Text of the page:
Sven Dupré will present at Gems in Transit workshop Londen
Gem in Transit: Materials, Values and Knowledge in the Early Modern World
A two-day workshop on the art, science, trade and consumption of gems in the early modern world.
Organisers: Marta Ajmar (V&A), Sven Dupré (Utrecht University / University of Amsterdam), Michael Bycroft (University of Warwick)
Sven Dupré will give a presentation on Tuesday 12th April titled ‘Anselm De Boodt’s Classification of Stones’:
What is a stone? In Gemmarum et lapidum historia (The History of Gems and Stones), published in 1609, and arguably the most important work on stones of the seventeenth century, the Flemish physician Anselm De Boodt listed precious stones brought to Europe from Asia and the New World, illustrated with specimens from the collection of Rudolf II in Prague where De Boodt was court physician, and the successor of Carolus Clusius as overseer of Rudolf’s gardens. De Boodt also included stones mined and sculpted in Europe, such as various marbles, porphyry, alabaster and rock crystal, as well as stones of organic origin, such as amber and coral, fossils and a diversity of animal body stones, the bezoar stone being the most famous one. Making the provenance of stones more difficult to judge, global trade made the issue of fake stones only more pressing. This papers argues that the definition of stones was shaped by the use, transformation and imitation of materials by sculptors, jewellers and goldsmiths as much as by the categories and concepts of Aristotelian natural philosophy and history. It will be argued that artisanal and mercantile knowledge of stones, focused on their physical qualities, such as the behaviour of the stone when cutting it, or the size as the most important element in determining the value of a stone in commercial exchange, underlies De Boodt’s classification of stones.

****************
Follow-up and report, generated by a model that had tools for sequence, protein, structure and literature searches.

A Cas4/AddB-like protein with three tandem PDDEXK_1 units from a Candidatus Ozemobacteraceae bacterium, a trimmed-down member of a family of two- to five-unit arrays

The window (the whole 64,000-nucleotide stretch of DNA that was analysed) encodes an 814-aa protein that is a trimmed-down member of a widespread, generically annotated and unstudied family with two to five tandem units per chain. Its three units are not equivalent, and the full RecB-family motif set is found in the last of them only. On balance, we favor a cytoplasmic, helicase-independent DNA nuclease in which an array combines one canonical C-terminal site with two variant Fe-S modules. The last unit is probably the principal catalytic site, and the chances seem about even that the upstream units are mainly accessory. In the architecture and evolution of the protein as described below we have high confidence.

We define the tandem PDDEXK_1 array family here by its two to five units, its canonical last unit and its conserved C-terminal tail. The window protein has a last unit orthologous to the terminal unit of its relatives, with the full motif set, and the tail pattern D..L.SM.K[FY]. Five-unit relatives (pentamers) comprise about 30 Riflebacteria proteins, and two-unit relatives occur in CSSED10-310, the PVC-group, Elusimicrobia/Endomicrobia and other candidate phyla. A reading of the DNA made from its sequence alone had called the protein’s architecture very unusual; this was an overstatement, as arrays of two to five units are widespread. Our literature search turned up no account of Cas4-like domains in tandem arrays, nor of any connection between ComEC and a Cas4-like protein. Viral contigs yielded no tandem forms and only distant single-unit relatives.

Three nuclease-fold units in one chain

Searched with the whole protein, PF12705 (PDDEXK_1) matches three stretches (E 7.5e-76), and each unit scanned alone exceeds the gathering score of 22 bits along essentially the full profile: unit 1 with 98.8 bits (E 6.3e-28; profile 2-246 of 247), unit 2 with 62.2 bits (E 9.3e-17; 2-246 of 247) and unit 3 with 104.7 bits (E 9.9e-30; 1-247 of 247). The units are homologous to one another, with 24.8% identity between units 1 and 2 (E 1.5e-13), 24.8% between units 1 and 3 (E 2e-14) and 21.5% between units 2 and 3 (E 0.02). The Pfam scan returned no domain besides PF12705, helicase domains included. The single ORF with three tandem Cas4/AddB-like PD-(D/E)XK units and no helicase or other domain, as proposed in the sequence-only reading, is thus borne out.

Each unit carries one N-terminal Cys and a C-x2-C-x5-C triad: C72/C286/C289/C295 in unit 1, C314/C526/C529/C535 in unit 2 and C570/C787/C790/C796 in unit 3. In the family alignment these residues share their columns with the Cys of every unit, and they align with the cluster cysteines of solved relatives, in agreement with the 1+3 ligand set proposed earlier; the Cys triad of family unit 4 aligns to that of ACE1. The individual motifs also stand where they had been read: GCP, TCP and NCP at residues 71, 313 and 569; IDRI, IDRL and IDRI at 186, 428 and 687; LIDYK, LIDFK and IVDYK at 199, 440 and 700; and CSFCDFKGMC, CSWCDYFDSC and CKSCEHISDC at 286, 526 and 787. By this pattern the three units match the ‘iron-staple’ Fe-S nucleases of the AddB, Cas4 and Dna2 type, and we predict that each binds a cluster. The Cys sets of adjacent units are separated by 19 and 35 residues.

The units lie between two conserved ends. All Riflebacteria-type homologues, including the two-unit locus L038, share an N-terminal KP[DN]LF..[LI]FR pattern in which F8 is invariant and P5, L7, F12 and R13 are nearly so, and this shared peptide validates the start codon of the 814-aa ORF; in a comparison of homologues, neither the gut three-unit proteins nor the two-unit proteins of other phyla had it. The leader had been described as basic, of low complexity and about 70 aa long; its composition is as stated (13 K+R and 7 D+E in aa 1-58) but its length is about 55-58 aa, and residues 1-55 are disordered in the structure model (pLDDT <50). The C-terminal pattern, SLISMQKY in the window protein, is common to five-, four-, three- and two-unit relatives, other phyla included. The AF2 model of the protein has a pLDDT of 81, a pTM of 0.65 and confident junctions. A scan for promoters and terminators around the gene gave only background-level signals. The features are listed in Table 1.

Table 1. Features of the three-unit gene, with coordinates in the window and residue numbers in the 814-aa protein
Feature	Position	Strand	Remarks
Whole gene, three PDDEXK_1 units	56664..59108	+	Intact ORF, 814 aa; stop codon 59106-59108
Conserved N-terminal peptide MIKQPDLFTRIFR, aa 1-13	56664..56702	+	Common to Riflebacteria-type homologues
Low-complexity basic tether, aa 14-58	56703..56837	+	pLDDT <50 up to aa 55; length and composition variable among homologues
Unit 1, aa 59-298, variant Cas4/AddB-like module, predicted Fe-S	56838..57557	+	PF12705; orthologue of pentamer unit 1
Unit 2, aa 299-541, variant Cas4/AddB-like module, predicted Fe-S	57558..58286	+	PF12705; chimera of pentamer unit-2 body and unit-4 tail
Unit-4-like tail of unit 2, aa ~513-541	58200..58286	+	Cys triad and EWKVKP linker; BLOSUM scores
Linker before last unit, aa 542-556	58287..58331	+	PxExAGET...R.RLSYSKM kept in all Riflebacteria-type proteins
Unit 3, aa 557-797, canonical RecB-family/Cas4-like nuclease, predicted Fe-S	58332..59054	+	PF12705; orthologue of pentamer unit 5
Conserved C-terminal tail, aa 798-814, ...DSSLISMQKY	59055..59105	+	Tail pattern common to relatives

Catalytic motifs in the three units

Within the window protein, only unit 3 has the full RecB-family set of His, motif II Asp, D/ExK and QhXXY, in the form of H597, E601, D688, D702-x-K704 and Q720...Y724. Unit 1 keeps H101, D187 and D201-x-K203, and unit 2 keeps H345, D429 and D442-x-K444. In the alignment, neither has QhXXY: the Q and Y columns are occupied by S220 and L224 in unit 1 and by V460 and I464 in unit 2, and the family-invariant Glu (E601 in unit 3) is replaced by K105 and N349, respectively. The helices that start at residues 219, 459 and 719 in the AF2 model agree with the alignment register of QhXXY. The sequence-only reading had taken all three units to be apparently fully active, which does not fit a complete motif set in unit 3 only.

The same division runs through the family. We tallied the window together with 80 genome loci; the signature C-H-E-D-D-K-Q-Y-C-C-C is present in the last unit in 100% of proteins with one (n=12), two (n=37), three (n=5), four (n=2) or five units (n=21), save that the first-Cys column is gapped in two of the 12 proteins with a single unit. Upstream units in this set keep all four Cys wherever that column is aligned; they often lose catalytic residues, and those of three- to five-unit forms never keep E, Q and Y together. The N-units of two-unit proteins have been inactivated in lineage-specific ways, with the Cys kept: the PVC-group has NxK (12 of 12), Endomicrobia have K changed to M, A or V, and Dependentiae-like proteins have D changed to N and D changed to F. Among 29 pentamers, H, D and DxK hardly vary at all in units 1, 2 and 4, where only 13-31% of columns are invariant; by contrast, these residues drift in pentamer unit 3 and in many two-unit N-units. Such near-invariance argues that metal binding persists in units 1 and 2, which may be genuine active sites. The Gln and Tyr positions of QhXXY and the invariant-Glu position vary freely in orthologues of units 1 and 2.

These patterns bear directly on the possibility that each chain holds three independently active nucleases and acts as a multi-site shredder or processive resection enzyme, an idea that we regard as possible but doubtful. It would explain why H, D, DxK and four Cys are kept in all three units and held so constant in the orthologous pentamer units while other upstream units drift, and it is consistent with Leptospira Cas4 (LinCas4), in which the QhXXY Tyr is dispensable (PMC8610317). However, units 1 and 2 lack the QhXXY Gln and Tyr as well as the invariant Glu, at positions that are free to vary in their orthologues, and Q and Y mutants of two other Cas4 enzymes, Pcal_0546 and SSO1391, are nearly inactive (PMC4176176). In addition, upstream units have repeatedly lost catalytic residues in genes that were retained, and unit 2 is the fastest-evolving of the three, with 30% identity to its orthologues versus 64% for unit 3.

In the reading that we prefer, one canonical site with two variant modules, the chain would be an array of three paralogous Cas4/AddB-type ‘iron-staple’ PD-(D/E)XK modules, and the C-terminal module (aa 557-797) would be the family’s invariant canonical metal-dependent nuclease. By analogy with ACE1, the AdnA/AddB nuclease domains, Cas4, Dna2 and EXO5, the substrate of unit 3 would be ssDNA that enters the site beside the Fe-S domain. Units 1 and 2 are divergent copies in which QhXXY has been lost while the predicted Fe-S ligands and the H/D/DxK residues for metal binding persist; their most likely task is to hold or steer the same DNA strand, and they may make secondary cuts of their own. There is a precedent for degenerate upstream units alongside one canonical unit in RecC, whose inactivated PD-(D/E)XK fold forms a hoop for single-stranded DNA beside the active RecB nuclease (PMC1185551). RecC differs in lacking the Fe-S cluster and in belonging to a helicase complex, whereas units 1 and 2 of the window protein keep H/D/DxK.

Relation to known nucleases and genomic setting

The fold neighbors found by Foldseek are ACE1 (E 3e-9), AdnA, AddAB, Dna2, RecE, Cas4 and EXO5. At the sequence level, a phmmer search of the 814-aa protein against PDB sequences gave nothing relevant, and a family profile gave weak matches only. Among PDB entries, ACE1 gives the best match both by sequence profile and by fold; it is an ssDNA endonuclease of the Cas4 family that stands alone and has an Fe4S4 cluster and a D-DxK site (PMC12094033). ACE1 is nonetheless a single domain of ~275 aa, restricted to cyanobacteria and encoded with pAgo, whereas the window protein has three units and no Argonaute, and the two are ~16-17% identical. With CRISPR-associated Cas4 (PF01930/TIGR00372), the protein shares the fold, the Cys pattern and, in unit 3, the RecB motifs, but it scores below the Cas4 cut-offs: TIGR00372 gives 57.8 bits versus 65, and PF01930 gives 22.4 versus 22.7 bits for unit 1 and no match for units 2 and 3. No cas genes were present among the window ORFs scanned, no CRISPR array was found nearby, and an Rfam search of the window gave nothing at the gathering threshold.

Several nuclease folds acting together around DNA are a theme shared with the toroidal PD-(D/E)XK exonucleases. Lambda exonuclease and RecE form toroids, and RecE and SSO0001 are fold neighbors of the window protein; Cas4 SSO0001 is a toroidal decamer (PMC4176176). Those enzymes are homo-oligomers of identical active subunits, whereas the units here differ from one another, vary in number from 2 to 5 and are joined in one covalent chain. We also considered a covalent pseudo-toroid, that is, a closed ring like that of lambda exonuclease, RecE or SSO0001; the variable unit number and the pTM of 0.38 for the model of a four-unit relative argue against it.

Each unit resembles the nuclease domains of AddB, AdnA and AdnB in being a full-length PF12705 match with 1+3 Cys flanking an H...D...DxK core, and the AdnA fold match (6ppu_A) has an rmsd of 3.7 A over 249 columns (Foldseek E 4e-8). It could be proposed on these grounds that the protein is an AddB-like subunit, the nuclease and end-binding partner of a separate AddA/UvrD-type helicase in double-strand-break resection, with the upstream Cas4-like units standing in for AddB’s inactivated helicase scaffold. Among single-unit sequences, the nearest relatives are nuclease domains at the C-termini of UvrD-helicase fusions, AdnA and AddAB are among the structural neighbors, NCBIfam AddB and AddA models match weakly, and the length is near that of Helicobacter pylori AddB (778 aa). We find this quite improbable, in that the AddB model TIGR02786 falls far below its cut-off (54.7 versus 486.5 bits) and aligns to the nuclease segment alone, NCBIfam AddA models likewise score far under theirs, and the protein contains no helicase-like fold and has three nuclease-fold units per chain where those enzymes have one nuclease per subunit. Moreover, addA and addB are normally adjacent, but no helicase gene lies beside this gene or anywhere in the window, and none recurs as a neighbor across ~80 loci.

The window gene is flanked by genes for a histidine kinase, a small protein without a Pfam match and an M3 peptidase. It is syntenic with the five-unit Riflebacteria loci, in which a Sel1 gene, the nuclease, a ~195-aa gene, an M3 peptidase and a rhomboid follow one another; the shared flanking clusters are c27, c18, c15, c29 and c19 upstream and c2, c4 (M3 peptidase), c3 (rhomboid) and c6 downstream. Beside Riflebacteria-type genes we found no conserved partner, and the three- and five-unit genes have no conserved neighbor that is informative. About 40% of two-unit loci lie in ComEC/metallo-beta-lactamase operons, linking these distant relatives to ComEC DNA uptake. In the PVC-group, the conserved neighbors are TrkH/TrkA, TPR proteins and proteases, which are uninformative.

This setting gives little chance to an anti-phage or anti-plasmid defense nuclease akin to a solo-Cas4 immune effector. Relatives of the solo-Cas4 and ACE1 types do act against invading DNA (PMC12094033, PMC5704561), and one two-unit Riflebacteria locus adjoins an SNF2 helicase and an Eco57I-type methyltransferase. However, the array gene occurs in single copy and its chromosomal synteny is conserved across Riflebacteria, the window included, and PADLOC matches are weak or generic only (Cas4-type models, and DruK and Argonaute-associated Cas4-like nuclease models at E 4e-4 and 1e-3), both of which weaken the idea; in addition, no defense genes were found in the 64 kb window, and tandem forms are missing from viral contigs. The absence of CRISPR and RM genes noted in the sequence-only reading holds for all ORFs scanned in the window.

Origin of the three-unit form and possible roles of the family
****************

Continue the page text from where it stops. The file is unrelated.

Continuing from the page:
Here you can read the full programme and all abstracts.